I know that I make freelance travel writing look easy.
I’ve had more than 1,000 articles published in 200+ regional, national, and international magazines, newspapers, trade journals, custom publications, specialty magazines, in-flights, on-boards, and online travel magazines.
But, I’m the first person to tell you that breaking into paying print media is way harder than it looks. The truth is I work really hard at it, as does any successful travel writer.
To get your work published in print, you need to pay attention to every one of the steps in the freelance writing process, from dreaming up a saleable story idea to creating an enticing query letter and then writing a publishable article.
Your writing must be up-to-snuff and meet the magazine editor’s publication standards. You need to know the subtleties of working with magazine editors and how to wrangle repeat assignments from them.
Even today, I’m still picking up tips to further refine my journalism and marketing skills. There’s always something new for us to learn.
Novice travel writers also need to understand that it takes time to break into print media, and that your success in getting your stories published is directly related to the number of pitches you send out.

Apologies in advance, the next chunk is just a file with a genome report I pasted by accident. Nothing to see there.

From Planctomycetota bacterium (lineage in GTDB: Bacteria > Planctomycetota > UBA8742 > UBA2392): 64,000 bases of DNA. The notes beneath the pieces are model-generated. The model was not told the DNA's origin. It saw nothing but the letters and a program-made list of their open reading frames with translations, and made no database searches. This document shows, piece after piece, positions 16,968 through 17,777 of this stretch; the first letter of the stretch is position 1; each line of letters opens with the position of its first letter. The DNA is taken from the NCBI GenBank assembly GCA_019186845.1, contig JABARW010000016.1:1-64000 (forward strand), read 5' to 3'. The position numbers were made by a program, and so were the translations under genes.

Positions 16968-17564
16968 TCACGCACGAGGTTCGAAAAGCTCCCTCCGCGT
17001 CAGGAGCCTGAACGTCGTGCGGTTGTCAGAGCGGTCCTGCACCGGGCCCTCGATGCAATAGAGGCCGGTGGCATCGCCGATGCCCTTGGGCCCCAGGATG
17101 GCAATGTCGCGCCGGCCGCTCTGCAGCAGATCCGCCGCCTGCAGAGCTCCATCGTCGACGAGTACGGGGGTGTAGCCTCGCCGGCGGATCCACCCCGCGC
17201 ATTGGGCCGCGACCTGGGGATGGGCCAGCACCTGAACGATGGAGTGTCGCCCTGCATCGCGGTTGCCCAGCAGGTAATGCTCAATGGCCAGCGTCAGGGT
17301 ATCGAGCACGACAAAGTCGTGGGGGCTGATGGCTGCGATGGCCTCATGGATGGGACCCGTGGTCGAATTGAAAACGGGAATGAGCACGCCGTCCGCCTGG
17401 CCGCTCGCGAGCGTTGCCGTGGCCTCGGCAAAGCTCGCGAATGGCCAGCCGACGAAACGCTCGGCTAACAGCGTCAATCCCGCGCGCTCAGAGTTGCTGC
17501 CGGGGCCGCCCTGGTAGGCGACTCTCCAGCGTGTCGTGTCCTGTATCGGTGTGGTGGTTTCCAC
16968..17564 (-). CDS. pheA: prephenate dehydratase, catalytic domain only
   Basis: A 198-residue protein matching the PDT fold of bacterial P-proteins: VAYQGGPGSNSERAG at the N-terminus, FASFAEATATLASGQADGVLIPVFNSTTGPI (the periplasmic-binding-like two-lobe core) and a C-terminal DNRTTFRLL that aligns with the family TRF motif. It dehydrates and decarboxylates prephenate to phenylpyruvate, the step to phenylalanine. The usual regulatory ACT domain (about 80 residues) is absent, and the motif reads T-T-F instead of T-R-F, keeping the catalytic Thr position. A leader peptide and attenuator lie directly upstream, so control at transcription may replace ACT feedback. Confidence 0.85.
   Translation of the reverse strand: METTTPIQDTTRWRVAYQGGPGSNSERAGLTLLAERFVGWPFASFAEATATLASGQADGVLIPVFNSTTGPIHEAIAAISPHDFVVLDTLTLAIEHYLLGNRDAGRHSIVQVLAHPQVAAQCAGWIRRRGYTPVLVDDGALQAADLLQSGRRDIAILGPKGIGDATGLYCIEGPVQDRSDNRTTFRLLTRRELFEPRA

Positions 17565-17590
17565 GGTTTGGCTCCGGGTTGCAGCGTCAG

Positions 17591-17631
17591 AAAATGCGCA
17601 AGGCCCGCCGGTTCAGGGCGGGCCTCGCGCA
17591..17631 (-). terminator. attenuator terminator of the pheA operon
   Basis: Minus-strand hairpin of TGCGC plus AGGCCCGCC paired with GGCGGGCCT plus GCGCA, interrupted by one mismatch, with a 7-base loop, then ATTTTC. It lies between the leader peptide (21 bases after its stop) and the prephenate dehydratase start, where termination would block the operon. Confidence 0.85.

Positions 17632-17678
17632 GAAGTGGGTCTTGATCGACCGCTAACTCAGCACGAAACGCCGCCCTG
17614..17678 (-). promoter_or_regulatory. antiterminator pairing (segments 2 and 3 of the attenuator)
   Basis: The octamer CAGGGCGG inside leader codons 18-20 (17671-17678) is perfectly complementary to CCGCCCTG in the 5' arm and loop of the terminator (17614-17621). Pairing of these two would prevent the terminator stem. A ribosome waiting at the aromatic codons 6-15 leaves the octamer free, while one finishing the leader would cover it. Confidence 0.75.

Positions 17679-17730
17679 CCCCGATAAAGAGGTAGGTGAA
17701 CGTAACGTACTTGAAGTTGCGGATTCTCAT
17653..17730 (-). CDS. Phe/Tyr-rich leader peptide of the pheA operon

Another crucial principle that aspiring professional travel writers need to learn fast is the importance of treating your travel writing as a business, rather than as a hobby. It’s still ok to be a travel writing hobbyist, so long as you understand that your progress will be much slower.
Beginner travel writers also need a healthy dose of resilience. I’m always surprised when I hear from other travel writers how downhearted they feel when their queries are rejected.
Strangely enough, I’ve never though it a big deal when I receive rejection letters from magazine editor. I know it’s not personal. I simply accept rejection as part of the freelance process, and doggedly send out more queries. I guess I must have a thick hide!
Closely allied to these other attributes is self-discipline. Without this trait, you’re not going to meet much success in freelance travel writing. It’s all about discipline!
Finally, you need to be flexible with your approach to this whole freelance writing gig. You’re writing to serve the magazine readers, not yourself. I come across references to how freelance writers should always “be true to themselves and write about what they want to write about”. I don’t buy that for one second!
If you can’t dream up stories that other people want to read, you’re going to find it difficult selling your stories. It’s not all about you!
I hear from my editor friends how some writers get upset when the editor rewrites or changes their stories. Some of these writers have even been unwise enough to chastise the editor for this. Not a smart move if you want repeat work with that editor! Even the finest authors of best-selling novels have professional editors that rewrite their work.